Something I love and adore about this show, and which I got reminded of to the very end: while of course we see way more of the main characters than the supporting characters, it does not deny the supporting characters' humanity, or their pov, even when it is divergent from the main character pov, and it's not just voiced in order to be changed by the main characters. Take Idelle. Featherstone, too, though less so; Featherstone defending Max to Jack is a scene about Max, and in order to make a narrative point to Jack. Whereas Idelle's scene with Anne does include her defense of Max, yes, but it's not solely about that. When Idelle says to Anne "You killed my friend, for reasons that had nothing to do with her" , I practically high fived. I love Anne. But she did kill Charlotte - and probably had forgotten all about her - simply because she was having a bad identity crisis cum depression -, and Charlotte was a person with hopes and dreams just like everyone else. Back in s2, I really loved the scene between Max and Idelle about this for a similar reason - the narrative didn't vilify Idelle for being furious about this and seeing Anne as a danger to them all; even then, with just a very few lines in the season, she was a person, a character, which in all too many shows who use brothel scenes the non-main character prostitutes never are.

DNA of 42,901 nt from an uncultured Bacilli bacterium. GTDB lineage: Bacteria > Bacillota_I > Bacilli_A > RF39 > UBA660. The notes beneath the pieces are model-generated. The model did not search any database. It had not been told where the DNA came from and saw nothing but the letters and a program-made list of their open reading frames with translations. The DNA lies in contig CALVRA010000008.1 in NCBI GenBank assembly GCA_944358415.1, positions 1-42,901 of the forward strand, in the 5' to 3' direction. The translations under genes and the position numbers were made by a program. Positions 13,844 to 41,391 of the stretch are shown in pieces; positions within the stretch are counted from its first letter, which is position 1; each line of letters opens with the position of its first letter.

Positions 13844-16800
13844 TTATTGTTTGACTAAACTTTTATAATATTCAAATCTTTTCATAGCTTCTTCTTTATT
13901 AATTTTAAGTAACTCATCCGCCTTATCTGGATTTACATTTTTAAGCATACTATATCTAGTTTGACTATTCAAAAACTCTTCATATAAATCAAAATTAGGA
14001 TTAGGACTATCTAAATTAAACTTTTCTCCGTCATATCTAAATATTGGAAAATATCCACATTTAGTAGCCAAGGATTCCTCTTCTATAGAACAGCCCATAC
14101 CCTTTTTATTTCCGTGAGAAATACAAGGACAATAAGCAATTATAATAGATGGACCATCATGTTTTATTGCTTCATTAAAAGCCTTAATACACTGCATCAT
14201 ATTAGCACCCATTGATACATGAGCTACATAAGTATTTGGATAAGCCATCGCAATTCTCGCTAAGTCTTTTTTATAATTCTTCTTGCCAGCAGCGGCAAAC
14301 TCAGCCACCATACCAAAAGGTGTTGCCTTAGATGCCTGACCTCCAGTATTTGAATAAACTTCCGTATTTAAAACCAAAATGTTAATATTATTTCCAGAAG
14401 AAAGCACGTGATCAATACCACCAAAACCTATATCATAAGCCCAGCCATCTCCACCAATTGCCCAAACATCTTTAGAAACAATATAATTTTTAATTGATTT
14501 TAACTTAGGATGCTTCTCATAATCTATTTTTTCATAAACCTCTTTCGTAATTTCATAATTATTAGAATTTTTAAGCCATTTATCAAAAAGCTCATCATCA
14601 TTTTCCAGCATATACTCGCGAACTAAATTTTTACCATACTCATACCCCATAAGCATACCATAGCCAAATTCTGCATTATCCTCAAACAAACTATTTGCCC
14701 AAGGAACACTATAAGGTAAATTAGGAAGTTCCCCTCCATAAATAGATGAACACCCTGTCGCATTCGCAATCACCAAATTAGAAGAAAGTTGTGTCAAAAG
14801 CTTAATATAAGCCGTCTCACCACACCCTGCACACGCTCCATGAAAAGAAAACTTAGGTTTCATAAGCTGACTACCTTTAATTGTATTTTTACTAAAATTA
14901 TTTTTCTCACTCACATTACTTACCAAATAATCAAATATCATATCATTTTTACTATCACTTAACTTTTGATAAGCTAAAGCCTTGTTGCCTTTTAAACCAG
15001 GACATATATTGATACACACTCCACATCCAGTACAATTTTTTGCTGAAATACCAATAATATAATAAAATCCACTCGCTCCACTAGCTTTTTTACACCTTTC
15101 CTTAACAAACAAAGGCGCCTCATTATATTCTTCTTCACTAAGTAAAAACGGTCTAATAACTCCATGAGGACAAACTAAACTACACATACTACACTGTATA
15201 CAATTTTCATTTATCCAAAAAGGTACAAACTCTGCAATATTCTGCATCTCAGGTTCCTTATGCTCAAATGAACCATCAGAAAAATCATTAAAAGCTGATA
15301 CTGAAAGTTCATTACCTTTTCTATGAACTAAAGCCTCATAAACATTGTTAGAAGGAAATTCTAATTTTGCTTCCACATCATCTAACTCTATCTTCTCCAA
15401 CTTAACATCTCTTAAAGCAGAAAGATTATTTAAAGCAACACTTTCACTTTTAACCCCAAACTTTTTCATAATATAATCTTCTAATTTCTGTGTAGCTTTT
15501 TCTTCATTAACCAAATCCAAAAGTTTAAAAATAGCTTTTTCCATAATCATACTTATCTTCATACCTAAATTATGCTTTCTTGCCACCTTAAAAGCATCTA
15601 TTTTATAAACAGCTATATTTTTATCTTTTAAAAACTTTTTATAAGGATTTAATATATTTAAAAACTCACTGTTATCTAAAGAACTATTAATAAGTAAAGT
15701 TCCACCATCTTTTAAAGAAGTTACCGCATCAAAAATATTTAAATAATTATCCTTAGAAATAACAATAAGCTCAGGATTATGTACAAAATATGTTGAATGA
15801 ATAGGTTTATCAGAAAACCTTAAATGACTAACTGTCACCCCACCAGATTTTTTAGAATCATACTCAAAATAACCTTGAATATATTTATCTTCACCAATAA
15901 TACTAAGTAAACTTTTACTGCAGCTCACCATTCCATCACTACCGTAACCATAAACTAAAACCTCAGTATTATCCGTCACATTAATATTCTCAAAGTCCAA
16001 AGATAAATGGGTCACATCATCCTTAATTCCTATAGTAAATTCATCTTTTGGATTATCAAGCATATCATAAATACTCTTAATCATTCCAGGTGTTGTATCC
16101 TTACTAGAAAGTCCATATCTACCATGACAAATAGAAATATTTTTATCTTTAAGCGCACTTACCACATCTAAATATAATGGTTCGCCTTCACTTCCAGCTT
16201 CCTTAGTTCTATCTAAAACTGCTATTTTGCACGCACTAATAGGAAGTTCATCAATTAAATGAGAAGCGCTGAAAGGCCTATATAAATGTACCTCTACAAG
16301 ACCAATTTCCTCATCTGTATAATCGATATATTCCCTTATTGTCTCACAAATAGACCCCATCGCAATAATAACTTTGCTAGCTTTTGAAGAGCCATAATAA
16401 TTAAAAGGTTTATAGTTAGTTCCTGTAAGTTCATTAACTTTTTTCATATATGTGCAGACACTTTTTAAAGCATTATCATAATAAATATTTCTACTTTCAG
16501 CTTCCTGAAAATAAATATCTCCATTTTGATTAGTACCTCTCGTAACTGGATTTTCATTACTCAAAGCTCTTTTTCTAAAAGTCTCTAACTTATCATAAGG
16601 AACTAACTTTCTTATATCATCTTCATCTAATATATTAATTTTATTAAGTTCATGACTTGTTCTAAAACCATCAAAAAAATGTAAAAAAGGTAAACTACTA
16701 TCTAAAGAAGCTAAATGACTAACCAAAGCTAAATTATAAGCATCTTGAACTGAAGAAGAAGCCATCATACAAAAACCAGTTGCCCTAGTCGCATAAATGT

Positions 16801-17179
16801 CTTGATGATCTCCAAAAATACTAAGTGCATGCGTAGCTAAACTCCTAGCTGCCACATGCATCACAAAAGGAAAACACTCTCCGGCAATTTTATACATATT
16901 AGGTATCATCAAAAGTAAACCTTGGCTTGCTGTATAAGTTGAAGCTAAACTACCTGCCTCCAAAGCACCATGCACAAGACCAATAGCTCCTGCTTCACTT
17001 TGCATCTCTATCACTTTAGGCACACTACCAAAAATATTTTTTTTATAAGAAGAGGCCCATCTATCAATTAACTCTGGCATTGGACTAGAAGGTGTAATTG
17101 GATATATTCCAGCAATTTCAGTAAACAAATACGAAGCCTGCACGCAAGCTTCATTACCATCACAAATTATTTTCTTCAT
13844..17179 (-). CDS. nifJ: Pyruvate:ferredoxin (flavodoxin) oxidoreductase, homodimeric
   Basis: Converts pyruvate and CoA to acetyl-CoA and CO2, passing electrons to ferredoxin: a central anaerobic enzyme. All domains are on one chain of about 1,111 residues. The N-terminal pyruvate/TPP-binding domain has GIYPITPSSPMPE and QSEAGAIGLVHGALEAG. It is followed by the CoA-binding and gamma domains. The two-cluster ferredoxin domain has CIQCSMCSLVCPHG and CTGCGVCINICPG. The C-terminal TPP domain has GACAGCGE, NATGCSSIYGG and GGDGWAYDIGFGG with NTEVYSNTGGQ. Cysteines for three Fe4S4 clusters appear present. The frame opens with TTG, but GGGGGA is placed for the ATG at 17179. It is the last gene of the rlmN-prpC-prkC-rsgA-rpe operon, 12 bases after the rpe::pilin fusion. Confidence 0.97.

Another bit character given full humanity within limited screen time: Mrs. Toby Stephens Hunter. The reveal that she had in fact lied about the Spanish demanding Jack Rackham in addition to the gold - a lie that had devastating consequences for everyone, especially Our Heroes, for without it, despite Jack's ill advisied return to Nassau, he probably would not have been arrested and definitely would not have been in danger of being handed over to the Spanish, Rogers (or anyone else other than Anne) having zero interest in him - would have in another show been preparation for her death. Or vilification. Or both. But no. Instead, Mrs. Hunter continued to be treated with narrative sympathy, gets to keep her own mixed emotions and agenda (she's not without sympathy for Rogers, but she can also see how deeply he's lost it and that she really needs someone else in order to get the hell out of Nassau and back to her children), and gets her happy ending as we see in the "where are they now" montage near the end, when she reads "A History of the Pirates".

(Doylist excursion: the fact that not one but two family members of Toby Stephens were cast in minor parts during the last two seasons - his wife and brother (who played Woode Rogers' second-in-command during the first half of the season) - made me wonder whether the writers would find a way to nclude Maggie Smith, who is Stephens' mother, as well. And I do suspect Madam Guthrie was originally written for her, because it's just her type of role. Perhaps she was for some reason unavailable after all? Ah well. Harriet Walter is of course excellent in the part.)